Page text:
Preview: Walmart Earnings Focus On Grocery And Digital Shift

Walmart Reduces Corporate Workforce With Layoffs

Online grocery and eCommerce will be on the radar when Walmart reports its second quarter earnings on Tuesday (Aug. 18).

Analysts expect a minimal jump in same-store comparative sales and the stock will most likely take a hit because of it. But the more intriguing storylines surround the follow-up to its 74 percent spike for eCommerce in Q1, and the potential for information around the launch of the Amazon Prime competitor, Walmart+.

First, eCommerce. It is highly unlikely that Walmart will match its 74 percent year-over-year spike, simply because consumers have been going back to the in-store environment. It will be more interesting to see if it can keep the quarter-over-quarter growth rate at a high level, even if it’s not at 74 percent. Some analysts have pegged the year-over-year growth at 60 percent, but even that could be high. The digital shift and Walmart’s ability to meet its demands have been on the plus side of many analyst recommendations, including one from Stephens Inc. Analyst Ben Bienvenu.

“We felt that Walmart was well positioned heading into calendar 2020, with line of sight to expense leverage and accelerated earnings growth set to deliver on the next leg of the value creation story [that] management had laid out for investors,” Bienvenu wrote. “Once COVID-19 showed up, the playbook clearly changed, but Walmart is unquestionably a winner in this environment, and we think the accelerated maturation of the eCommerce business will only enhance Walmart’s advantage relative to other grocers/retailers, and could help close the gap with Amazon.”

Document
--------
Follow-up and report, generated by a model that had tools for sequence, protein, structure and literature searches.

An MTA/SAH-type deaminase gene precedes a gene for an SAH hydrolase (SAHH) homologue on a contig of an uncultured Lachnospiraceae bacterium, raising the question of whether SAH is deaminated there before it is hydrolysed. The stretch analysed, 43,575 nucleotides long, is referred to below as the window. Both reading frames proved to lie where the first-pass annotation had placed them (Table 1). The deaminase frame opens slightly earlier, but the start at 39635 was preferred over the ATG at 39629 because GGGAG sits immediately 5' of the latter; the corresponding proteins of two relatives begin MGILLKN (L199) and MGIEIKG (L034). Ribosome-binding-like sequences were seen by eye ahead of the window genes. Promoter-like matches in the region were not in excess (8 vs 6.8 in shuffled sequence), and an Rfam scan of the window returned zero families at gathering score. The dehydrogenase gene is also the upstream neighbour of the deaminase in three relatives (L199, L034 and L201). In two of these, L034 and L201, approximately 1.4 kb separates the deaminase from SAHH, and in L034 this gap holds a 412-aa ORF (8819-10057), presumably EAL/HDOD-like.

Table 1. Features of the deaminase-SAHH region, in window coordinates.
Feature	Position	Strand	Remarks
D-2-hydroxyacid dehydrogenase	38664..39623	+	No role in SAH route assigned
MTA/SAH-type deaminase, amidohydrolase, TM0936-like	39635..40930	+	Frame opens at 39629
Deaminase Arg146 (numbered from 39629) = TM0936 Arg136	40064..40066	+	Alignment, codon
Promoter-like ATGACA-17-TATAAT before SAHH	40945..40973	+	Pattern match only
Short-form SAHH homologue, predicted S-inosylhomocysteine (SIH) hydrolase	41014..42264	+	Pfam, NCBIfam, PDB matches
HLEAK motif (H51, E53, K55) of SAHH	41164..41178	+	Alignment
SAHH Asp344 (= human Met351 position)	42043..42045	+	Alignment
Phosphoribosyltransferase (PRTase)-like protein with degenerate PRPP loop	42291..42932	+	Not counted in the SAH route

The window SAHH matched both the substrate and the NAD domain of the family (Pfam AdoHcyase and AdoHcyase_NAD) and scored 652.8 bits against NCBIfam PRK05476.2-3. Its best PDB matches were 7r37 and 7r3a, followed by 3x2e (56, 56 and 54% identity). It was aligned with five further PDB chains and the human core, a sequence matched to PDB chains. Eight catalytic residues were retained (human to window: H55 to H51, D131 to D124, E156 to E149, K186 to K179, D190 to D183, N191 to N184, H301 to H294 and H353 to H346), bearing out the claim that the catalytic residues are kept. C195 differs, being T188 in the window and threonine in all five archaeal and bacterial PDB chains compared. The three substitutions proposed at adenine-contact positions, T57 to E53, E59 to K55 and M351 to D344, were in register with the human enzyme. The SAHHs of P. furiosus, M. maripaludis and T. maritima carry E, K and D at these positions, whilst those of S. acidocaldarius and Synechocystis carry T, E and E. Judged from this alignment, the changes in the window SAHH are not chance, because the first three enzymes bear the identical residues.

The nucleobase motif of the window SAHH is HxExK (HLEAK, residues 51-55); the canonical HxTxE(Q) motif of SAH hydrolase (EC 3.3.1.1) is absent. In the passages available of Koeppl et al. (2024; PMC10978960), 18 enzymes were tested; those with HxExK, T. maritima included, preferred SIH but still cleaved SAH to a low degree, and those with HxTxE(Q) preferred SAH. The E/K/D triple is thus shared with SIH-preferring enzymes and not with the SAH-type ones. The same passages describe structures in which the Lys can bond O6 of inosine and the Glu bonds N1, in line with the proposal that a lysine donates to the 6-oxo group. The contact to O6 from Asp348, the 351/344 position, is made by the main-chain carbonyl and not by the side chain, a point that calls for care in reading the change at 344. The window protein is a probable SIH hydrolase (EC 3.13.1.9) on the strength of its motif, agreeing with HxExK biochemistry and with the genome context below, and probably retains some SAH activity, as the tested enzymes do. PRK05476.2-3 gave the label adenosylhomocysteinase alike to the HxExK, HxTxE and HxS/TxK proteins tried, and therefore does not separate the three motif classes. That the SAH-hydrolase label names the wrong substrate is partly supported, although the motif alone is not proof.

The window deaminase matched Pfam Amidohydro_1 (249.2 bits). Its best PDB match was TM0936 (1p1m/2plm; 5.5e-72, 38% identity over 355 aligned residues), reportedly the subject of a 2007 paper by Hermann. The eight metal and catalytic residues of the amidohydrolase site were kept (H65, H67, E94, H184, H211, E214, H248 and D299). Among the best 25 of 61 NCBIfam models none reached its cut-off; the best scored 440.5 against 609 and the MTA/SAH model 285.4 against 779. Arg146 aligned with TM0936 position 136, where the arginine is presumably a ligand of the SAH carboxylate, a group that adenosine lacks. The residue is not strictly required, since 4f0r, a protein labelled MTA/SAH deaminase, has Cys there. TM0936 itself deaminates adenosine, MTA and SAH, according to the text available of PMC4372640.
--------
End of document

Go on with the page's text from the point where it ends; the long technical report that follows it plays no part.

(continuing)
Next, grocery. Walmart made a huge move last week by linking up with Instacart to grow its grocery and eCommerce business and to compete against Amazon. But Kroger, which is also building its eCommerce capability, has opened a new beachhead against both Amazon and Walmart with its new marketplace building deal with Mirakl. Couple all this with the debut of Express Delivery this summer, which offers home delivery of a wide range of groceries and other products from the store in less than two hours. According to Supermarket News, Walmart expects to have Express Delivery in 2,000 stores, an expedited timeline in response to the pandemic.

“Before this crisis, we were already seeing robust adoption of online pickup and delivery,” said Doug McMillon, Walmart CEO, in a call with analysts in May. “As this crisis created a need for social distancing and required people to stay at home, customers embraced pickup and delivery even more. Pickup and delivery are attracting greater numbers of new customers. The number of new customers trying pickup and delivery has increased four times since mid-March.”

Finally, Walmart+. The company’s website says “coming soon” — and at some point, Walmart has to deliver on that. Will it use an earnings call to do so? Probably not. The launch has to be a consumer event full of in-store signage, consumer advertising and consumer press exposure. It is evident, though, that the launch will be regional, maybe even limited to specific metros where Walmart has strong grocery and delivery. That cancels New York City, and probably cancels a major announcement Tuesday.



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